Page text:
In their latest refusal to stop videos edited to perpetrate lies and propaganda, both Facebook and Twitter have refused to take down a deepfake tweeted by Trump.
After his State of the Union speech last week, he tweeted out a deepfake video, labelled “Powerful American stories ripped to shreds by Nancy Pelosi,” that had been altered to make it appear that Speaker of the House Pelosi ripped up her copy of his speech during a salute to a Tuskegee airman.
In fact, of course, Pelosi ripped up the copy of the speech at the end of the event, in protest of the numerous lies and distortions in Trump’s remarks. In reality, she stood and applauded the airman when he was honored during the event.
The Speaker’s office demanded that Facebook and Twitter remove the video.
But Facebook spokesperson Andy Stone said the fake doesn’t violate its policies. While it distorted reality by completely changing the context of Pelosi’s actions, the spokesperson claimed to CNBC that it does not "make it appear that a person said something they didn’t say or did something they didn’t do,” in CNBC's words.
On Friday, Pelosi’s deputy chief of staff, Drew Hammill, posted a link to a criticism of the video, adding: “The latest fake video of Speaker Pelosi is deliberately designed to mislead and lie to the American people, and every day that these platforms refuse to take it down is another reminder that they care more about their shareholders’ interests than the public’s interests.”
“I think they have a history here of promoting and making money off of content that is intentionally false,” Hammill posted after a Twitter skirmish with Stone.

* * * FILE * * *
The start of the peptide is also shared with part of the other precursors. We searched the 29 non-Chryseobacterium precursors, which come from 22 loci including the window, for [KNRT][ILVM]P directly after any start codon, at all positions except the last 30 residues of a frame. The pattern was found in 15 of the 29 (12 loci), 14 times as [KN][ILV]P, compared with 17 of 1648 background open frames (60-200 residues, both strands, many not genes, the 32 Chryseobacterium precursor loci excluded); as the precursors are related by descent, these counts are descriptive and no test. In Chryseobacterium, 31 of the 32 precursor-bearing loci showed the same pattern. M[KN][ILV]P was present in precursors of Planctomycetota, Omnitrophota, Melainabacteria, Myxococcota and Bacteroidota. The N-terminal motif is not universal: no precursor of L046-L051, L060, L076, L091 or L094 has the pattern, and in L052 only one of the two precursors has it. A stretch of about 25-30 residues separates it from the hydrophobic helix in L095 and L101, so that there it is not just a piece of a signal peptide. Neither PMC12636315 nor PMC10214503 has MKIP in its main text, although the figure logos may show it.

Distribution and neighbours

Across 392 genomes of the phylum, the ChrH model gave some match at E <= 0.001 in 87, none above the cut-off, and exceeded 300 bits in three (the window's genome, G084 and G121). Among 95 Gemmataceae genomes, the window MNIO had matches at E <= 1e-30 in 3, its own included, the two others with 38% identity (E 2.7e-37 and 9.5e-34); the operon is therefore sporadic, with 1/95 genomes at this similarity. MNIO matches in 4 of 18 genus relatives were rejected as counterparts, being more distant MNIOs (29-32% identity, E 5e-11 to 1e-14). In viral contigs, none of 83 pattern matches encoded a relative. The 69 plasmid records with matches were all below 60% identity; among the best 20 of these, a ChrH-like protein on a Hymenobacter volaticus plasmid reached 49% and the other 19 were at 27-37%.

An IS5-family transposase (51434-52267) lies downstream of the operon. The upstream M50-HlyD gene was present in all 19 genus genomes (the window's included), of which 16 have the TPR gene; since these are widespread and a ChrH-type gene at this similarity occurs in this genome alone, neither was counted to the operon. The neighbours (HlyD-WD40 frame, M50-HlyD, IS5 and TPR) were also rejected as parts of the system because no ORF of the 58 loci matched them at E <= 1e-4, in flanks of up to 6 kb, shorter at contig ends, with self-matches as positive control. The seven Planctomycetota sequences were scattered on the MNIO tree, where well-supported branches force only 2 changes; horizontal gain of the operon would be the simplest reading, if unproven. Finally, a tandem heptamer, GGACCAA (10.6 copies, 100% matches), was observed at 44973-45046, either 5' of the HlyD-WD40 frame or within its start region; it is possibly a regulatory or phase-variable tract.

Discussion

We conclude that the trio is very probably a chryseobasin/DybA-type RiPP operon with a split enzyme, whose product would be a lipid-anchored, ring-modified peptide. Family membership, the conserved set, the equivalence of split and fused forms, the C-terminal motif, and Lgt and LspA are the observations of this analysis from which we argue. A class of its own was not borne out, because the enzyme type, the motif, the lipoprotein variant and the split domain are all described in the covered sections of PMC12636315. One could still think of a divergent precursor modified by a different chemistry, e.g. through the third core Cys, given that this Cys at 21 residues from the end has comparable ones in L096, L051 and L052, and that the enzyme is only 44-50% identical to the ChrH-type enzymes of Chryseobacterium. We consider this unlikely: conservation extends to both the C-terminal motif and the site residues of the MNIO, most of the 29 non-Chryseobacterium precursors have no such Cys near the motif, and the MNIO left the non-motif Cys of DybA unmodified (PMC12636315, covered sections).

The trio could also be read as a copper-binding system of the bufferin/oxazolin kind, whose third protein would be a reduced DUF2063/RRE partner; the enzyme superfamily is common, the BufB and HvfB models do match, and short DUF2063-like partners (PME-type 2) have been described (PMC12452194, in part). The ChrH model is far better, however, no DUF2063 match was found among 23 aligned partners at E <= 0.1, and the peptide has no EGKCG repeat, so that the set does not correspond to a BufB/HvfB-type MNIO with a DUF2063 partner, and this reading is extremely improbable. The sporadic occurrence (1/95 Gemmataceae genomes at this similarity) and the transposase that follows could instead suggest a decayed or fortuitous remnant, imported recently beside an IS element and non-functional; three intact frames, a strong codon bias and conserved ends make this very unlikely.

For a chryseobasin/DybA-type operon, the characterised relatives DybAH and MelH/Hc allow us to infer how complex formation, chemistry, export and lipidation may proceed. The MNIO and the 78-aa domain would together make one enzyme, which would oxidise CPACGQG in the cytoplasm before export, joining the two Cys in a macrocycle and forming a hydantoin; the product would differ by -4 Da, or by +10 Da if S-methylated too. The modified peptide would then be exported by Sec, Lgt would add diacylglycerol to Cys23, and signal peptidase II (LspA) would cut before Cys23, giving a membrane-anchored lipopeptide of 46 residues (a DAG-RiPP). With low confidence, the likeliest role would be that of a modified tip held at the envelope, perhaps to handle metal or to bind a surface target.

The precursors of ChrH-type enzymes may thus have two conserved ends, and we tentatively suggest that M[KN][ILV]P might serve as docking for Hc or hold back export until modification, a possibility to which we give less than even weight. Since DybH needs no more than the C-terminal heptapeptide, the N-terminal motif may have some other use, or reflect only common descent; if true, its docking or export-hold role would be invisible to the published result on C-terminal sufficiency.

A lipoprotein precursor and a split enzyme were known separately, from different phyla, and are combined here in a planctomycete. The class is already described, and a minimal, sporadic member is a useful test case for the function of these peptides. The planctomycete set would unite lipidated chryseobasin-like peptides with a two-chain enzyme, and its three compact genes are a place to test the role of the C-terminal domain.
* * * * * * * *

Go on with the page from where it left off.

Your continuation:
Twitter, meanwhile, sidestepped the issue by saying that its newly announced policy regarding deceptive video doesn’t go into effect until March 5.
The new policy states that users may not “deceptively share synthetic or manipulated media that are likely to cause harm.” In addition, Twitter “may label Tweets containing synthetic and manipulated media to help people understand the media’s authenticity and to provide additional context.”
Twitter says it will review videos to judge whether “the content has been substantially edited in a manner that fundamentally alters its composition, sequence, timing or framing” as well as looking at “any visual or auditory information (such as new video frames, overdubbed audio or modified subtitles) that has been added or removed.”
Twitter refused to remove the faked Pelosi video under its current policies. And, asked by CNBC whether the video would violate its new policies, a Twitter spokesperson emailed that she “can’t get into hypotheticals.”
In addition to scrutiny of their business practices by Congress and other bodies, both Facebook and Twitter have been under intense pressure from the Trump administration to allow free reign of fake and deceptive content, as well as practices including micro-targeting of users for political purposes.